Thursday, May 14, 2009

Top 10 subterranean books

Stephen Smith, a writer, journalist, broadcaster, and the culture correspondent for BBC Newsnight, is the author of several books, including Cuba: Land of Miracles, Underground London, and the newly released Underground England, which "travels the length, breadth and depth of the country in search of wonders both natural and man-made, from smugglers' tunnels to Knights Templar chapels."

For the Guardian, he named his top 10 subterranean books. One title on the list:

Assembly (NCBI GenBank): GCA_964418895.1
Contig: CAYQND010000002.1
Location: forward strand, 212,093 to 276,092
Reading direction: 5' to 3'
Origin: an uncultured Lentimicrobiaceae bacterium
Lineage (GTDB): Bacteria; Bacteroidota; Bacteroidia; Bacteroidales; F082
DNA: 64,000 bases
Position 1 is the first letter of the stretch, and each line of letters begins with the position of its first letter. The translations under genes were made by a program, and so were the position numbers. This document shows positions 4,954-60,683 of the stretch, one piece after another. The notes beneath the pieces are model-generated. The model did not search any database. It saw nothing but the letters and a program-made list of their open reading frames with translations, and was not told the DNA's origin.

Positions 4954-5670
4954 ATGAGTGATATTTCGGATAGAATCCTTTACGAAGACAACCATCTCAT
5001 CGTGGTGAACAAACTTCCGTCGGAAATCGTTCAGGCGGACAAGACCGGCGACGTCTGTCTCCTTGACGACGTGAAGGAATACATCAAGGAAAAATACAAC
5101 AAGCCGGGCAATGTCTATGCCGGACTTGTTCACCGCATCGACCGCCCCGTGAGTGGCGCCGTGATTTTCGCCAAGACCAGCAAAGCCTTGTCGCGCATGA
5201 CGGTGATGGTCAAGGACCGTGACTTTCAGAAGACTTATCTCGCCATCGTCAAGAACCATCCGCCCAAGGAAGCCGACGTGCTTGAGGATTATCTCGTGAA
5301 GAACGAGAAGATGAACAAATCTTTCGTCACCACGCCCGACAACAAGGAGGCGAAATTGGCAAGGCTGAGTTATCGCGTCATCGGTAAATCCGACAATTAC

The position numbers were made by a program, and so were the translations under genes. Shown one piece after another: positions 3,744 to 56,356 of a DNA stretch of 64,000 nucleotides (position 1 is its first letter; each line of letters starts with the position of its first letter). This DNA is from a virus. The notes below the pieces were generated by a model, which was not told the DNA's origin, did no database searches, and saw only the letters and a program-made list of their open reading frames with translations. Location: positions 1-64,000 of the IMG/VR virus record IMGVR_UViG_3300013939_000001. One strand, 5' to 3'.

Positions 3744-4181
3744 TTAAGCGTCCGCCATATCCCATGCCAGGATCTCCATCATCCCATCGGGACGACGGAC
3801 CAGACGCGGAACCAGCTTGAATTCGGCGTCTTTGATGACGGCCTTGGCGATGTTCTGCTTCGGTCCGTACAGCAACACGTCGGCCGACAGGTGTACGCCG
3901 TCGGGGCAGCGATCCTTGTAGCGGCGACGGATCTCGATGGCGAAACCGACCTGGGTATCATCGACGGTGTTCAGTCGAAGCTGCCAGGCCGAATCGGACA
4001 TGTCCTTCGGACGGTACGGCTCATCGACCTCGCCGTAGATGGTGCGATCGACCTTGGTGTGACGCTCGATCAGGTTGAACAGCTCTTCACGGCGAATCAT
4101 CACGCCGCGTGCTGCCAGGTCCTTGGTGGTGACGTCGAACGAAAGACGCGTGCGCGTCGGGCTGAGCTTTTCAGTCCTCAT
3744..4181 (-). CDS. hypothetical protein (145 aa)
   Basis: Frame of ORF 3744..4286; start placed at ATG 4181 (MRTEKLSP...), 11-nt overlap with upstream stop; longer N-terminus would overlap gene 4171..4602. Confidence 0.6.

Moonfleet by J Meade Falkner

Smuggling was practised not only on the Spanish Main but around our sceptr'd Isle. At New Brighton, Merseyside, where my family is from, the privateers salted their booty away beneath the butter-soft sandstone. Moonfleet contains my cri de coeur: "I believe there never was a boy yet who saw a hole in the ground, or a cave in a hill, or much more an underground passage, but longed incontinently to be into it and discover whither it led."
Read about all ten books on Smith's list.

--Marshal Zeringue